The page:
Fluoride treatment is typically used as preventive dentistry to stop tooth decay. Fluoride is already present, and a typical person will consume some fluoride through their diet, drinking water, and dietary supplements. Tea, fish eaten with the bones, some infant formulas, and fish are all sources of dietary fluoride.
Fluroide restores minerals to tooth surfaces where bacterial etching may have occurred. Fluoride works to either stop tooth decay in its tracks or to slow it down. A natural mineral called fluoride helps maintain healthy tooth enamel and fights bacteria that can damage teeth and gums.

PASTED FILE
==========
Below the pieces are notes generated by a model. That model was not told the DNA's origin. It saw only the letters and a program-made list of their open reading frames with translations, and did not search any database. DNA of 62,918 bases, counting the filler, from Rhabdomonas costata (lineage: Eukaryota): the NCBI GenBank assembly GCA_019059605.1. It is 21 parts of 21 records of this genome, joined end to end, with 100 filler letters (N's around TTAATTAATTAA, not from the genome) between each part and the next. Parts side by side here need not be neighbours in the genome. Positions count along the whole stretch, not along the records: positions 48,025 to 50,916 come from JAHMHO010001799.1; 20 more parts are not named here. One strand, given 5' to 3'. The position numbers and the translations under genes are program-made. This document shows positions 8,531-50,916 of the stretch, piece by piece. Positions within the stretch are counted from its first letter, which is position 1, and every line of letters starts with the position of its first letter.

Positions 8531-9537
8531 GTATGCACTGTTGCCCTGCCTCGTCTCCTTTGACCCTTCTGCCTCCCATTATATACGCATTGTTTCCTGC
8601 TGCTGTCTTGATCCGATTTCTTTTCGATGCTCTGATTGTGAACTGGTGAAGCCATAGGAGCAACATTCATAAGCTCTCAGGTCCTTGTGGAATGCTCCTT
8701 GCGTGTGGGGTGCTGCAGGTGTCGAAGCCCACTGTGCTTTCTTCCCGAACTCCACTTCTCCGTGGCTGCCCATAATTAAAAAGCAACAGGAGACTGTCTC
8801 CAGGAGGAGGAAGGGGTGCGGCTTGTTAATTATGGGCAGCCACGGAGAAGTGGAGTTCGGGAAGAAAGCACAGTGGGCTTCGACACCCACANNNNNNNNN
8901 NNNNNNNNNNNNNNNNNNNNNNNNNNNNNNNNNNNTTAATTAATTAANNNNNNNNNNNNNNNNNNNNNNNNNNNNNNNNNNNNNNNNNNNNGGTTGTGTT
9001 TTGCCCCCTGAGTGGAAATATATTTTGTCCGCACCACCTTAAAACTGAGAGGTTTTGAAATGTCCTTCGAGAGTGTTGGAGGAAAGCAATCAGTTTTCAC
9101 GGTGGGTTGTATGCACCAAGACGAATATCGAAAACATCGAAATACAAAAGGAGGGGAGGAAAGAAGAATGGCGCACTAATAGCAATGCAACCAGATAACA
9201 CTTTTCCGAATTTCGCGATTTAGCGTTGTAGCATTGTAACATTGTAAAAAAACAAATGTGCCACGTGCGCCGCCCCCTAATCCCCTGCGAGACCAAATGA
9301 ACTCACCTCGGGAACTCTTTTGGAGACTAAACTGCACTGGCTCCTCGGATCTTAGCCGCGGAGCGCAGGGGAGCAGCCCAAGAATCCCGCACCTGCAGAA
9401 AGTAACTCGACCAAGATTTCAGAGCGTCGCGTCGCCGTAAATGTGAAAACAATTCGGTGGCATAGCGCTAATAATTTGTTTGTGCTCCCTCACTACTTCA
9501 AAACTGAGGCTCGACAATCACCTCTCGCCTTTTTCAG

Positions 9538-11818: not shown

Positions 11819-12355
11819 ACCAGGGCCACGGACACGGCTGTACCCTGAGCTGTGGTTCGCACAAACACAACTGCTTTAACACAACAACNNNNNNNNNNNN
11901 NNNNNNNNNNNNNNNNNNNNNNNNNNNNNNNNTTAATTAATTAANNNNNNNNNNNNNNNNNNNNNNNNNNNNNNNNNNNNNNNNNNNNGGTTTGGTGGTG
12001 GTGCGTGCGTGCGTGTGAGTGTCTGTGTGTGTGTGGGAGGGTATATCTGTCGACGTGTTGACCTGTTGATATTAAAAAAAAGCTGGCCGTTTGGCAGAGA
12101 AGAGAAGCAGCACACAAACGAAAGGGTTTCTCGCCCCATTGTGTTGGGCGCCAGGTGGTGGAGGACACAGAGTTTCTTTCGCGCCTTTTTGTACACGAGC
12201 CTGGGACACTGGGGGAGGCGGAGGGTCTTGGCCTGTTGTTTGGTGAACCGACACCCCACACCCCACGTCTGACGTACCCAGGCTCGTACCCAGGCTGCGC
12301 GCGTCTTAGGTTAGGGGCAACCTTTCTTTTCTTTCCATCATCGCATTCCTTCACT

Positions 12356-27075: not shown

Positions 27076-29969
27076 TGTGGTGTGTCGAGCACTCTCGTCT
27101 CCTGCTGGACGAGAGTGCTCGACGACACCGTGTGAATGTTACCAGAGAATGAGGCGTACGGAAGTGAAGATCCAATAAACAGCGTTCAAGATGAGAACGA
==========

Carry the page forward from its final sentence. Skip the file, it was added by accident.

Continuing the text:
A fluoride treatment may be suggested by your dentist during a routine checkup in addition to professional teeth cleaning, particularly if you are at high risk for cavities.
Your dentist may use a highly concentrated gel, varnish, or rinse to apply fluoride during a professional fluoride treatment. Typically, mouthwash, a tray, a brush, or a swab are used to administer the treatment. They only had a brief window of time to apply. Additionally, you will be asked to wait 30 minutes before eating or drinking anything after the treatment. This is necessary so that your teeth can completely absorb the fluoride.
Cavities cannot entirely be prevented by fluoridation treatments. Therefore, you will still need to use toothpaste, floss frequently, and maintain a healthy diet.
There is no recovery expectation. You are able to go about doing your normal activities for the day.